February 05, 2024

SCOTT LEVI, PRESENTER: Member for Shortland, Pat Conroy of course shares a boundary, an electoral boundary with Dobell, and is it fair to say Pat – good morning and thanks for joining us first of all – is it fair to say Mr Conroy that a lot of your constituents would see Wyong Hospital as their local? 

PAT CONROY, MEMBER FOR SHORTLAND: Oh absolutely Scott – and good morning as well, by the way. Wyong Hospital is the local hospital for many people on the Central Coast part of Shortland and so it’s really important that we relieve pressure on the Wyong emergency department, and also that we get the services on the northern Central Coast that we need. I have met with community supporters of Elsie’s Place and so I am really relieved that David Harris and the State Labor Government are really backing it in full-ball. 

LEVI: That’s great to hear for people going through that end of life journey in Shortland. And of course as the Member for Shortland, you’re back in Federal Parliament sitting for the local people, we will ask you about that today and what’s on the agenda. But last week we focused on the statistics regarding the uptake of bulk-billing and the bulk-billed federally funded Urgent Care Clinic at Umina where the Prime Minister held a press conference late last week. We’re going to check in with the stats and health of the northern end of the Coast where the Lake Haven clinic in Dobell opened just before Christmas. The Member for Dobell, Emma McBride joined us on the day of the opening live in the studio and mentioned that the clinic is also there to service the people of Shortland, the southern end of your electorate, well all of Shortland really, but it makes sense to go to the clinic that’s close to home doesn’t it? If you’re in Buff Point or Budgewoi or Doyalson which are fast growing areas, or anywhere close by, regardless of those electoral boundaries, that's your clinic, is that right?

CONROY: Absolutely. Other than politicians, people really don't pay attention to the boundaries of electorates.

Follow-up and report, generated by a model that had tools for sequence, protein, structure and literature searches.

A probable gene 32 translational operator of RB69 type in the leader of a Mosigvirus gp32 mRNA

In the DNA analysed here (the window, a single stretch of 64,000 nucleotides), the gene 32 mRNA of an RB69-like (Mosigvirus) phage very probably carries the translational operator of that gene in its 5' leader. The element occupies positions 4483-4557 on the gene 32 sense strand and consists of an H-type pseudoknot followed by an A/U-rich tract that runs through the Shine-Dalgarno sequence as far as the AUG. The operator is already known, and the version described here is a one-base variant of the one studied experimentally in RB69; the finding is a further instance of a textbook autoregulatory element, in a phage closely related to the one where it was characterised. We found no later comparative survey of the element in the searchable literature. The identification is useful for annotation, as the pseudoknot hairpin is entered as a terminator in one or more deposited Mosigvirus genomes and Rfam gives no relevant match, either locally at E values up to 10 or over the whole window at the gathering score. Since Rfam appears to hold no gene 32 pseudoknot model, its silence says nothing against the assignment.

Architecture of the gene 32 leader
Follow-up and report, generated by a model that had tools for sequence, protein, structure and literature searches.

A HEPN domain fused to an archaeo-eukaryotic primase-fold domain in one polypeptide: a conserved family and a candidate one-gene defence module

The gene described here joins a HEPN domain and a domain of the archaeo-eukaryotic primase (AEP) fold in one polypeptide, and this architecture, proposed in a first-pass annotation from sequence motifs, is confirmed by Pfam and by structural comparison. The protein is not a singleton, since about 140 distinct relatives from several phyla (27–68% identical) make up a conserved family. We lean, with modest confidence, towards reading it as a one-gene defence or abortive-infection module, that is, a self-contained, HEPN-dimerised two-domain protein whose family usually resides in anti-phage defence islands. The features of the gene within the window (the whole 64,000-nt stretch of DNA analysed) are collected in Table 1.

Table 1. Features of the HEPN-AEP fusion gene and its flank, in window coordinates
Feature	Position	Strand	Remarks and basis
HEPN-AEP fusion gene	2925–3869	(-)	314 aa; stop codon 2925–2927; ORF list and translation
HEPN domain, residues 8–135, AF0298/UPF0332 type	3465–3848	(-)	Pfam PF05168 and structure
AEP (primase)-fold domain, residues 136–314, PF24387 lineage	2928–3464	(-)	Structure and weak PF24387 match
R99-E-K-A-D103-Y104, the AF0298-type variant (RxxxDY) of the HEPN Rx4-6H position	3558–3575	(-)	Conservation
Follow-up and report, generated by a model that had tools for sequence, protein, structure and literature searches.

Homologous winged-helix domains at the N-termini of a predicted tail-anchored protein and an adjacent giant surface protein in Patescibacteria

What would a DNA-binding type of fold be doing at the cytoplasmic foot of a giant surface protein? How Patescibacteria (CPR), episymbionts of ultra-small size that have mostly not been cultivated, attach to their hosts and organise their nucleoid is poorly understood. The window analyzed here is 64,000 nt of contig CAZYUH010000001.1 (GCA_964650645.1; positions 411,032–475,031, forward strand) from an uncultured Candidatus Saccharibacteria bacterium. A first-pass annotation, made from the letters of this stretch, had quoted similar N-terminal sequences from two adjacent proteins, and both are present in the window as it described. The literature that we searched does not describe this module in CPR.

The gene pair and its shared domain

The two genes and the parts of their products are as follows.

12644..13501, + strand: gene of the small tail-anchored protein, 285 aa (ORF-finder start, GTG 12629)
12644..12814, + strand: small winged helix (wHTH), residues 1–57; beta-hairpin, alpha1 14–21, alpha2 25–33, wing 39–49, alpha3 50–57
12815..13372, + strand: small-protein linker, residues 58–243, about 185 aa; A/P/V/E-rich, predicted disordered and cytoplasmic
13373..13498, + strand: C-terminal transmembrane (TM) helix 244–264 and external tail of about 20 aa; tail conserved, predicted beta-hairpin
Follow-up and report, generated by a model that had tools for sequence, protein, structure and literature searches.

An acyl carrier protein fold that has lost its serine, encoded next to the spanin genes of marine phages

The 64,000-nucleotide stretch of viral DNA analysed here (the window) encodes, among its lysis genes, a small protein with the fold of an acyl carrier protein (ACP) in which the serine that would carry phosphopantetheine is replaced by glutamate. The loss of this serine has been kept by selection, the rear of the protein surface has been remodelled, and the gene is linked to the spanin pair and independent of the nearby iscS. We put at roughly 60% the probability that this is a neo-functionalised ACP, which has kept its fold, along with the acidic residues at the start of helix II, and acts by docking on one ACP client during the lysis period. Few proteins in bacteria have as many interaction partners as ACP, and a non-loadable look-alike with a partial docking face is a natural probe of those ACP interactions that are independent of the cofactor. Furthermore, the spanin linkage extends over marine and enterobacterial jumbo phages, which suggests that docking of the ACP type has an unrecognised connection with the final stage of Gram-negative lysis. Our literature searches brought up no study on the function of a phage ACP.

LEVI: (laughs) that’s true.

CONROY: They live in towns and communities, and what they want are services. And that's why the Medicare Urgent Care Clinic at Lake Haven, at the Lake Haven Shopping Centre, is essential. It complements what's happening at the Peninsula Urgent Care Clinic, and across both urgent care clinics we've seen around 1,800 patients already helped, despite the fact that the Peninsula one opened in late November and the Lake Haven one just before Christmas. That's critical because they provide extended hours bulk billing services to families in our community - well everyone in our community.

And they also relieve pressure on the really overstretched emergency department at Wyong Hospital. I was amazed when I read the statistics that more than half of all the presentations at the emergency department at Wyong are for non-urgent and semi-urgent cases. They're the cases that this Urgent Care Clinic will really help relieve pressure from so that our hospitals can concentrate on really looking after those in acute need while someone who might have a son or daughter who's fallen off a skateboard can get an x-ray and can get the treatment from a GP that they need completely free of charge as well.

LEVI: So over a thousand patients already who probably would have rocked up at Wyong ED have now gone to the UCC?

CONROY: The figures aren't as high for the Lake Haven one because it opened a lot later. It's 1,800 across both Urgent Care Clinics, and in roughly the first month of the Lake Haven one over 150 people have gone through. And one of the reasons I'm on the radio is to raise awareness of the Urgent Care Clinic so people know it's out there, that you can go between 8am and 7pm on weekdays and 9am and 7pm on the weekend to the Lake Haven Shopping Centre and see a doctor for free to get those cases treated.

LEVI: Do you think once the word gets out, I mean, it's all about word of mouth. When someone has a good experience, they'll tell their mates and all of a sudden it'll gather momentum. You're going to see it running at capacity soon, do you think?